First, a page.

Badass Once Removed
Monstrous was unable to be all things and approaches at the same time. And a few worthy nuggets got left out entirely, never once getting picked up for all the crossing and crisscrossing of my mental landscape from when my book’s raw material was being compiled. Two memories in particular really screamed out for inclusion, except that they were islands which I could find no way of connecting to the mainland of my life. One was a memory– the only one I care to go into at this point– third grade or so, of me kiddingly pretending to push a girl into the street, not knowing whether there were any cars coming, by actually pushing her into the street. The phenomenon is introduced and discussed in the abstract where this memory would have fit chronologically, but there is nothing within miles of it that hints at a potential for violence on my part, and so I guess I thought its inclusion would unnecessarily orient the reader toward the supposedly violent nature of an eight- or nine-year-old boy, rather than toward a murky line between what is real and imagined that could lead to violence much later on.
If another memory had made it in, though again, not the second screamer– to hell with it, at fifteen I had a vivid fantasy image of stumbling across in the stickerbushes a fresh, blonde, young female corpse that I could have my way with– it would have made inclusion of the third grade pusher look a bit less weird.
Reading up on Israel Keyes is what’s brought it back to me. He was raised a white supremacist within a Christian Identity enclave, and it happens that two brother neighbors of his– though I don’t know about next door– also became murderers, like there was something synergistic in the neighborhood. As an aside, there doesn’t seem to be anything racist about Keyes’ murders, except to say that they were committed against the human race, which is overwhelmingly opposed to racism.
When I was in sixth grade I got really mad once at “Albert Bergerson”, who warrants mention in my book for perennially coming in last place on my Friends List. Actually, I got really mad at him twice, but I am not proud of the draw we fought to in a hair-pulling contest. Albert was this huge kid who beyond his hugeness for his age also had to repeat a grade, and one time I got so pumping mad that I threw him three feet up against a wooden fence from a release point of I’m thinking six feet away. But if I were to include that one, then I’d have to include my best friend “Phil Levine” punching me in the gut for I don’t remember why, and I just don’t feel that these incidents were representative of who I was or who my friends were; I left room for boys to be boys.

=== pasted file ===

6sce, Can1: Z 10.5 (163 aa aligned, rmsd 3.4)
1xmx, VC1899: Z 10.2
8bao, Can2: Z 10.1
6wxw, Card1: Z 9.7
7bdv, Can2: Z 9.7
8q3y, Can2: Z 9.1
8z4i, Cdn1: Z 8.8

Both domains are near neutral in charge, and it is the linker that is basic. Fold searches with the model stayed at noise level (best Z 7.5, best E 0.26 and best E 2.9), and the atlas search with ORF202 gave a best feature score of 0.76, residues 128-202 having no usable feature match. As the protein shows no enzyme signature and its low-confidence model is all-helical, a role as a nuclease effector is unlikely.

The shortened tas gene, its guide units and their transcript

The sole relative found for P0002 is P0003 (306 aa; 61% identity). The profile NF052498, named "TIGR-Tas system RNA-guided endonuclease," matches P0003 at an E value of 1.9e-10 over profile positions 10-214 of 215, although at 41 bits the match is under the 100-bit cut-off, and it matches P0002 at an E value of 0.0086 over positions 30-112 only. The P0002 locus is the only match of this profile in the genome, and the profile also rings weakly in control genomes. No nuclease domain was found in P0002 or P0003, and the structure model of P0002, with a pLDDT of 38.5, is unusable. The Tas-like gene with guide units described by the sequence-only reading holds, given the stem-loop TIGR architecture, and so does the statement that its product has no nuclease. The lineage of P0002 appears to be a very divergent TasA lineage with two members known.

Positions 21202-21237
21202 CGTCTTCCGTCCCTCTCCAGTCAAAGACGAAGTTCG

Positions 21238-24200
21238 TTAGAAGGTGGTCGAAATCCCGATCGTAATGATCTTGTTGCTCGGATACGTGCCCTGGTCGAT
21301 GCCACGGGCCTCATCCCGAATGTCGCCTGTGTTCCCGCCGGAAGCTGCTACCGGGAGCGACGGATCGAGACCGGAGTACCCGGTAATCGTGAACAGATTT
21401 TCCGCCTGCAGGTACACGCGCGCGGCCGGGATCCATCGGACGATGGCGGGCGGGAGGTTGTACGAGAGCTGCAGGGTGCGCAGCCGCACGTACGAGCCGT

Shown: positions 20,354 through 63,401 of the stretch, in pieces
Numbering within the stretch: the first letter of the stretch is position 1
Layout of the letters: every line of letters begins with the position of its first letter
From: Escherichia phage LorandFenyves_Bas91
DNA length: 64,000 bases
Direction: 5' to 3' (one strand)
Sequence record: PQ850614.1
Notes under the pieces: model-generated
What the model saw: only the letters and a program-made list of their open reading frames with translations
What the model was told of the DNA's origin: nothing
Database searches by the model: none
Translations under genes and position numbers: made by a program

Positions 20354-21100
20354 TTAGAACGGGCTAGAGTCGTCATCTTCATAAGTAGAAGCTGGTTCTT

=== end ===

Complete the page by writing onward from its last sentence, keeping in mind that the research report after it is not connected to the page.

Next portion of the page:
One of the overarching choices made in constructing Monstrous was not to run a lot of tracers on lives outside my own. Tracing cause and effect could quickly have become unwieldy if I attempted to explained myself too much in terms of my parents, and my parents on their parents and so on. But if I had allowed such digressions, there’s an interesting thing or two I could have said about Albert, and to a lesser extent his sidekick “Rocco Leonhardi”.
I learned at one point that when Albert was fifteen, a few years removed from when we were neighbors, he had gotten into trouble for assaulting a police officer, and my impression is that he had won the initial round handily. It’s something that makes me feel all glowy inside for when I need a pick-me-up that I’m not a total wimp, running my formula of A>B>C. What a lion it makes me for a day, to know that I had once dominated a full-blown felon.
Albert could well have written my book, or a valid book of the same title, except it’s doubtful he was much of a writer. His relationship with his mother actually looked more like one of boyfriend and girlfriend. He was deep into pornography before I ever was, and in fact a darker form of it than to which I ever grew accustomed, starting with grainy black and whites of topless National Lampoon girls with bags over their heads that I never thought made it to funny. Once, I was treated to a display of medieval weaponry that he had laid on the family car. I briefly met up again with Albert and Rocco when we were high school age, and by that time they were both juvenile delinquents heavy into Dungeons and Dragons.
None of this is whispered in Monstrous, and maybe it should have been, but I didn’t experience there being anything amiss when I was a kid among them, and generally I tried to write from my perspective at the time.
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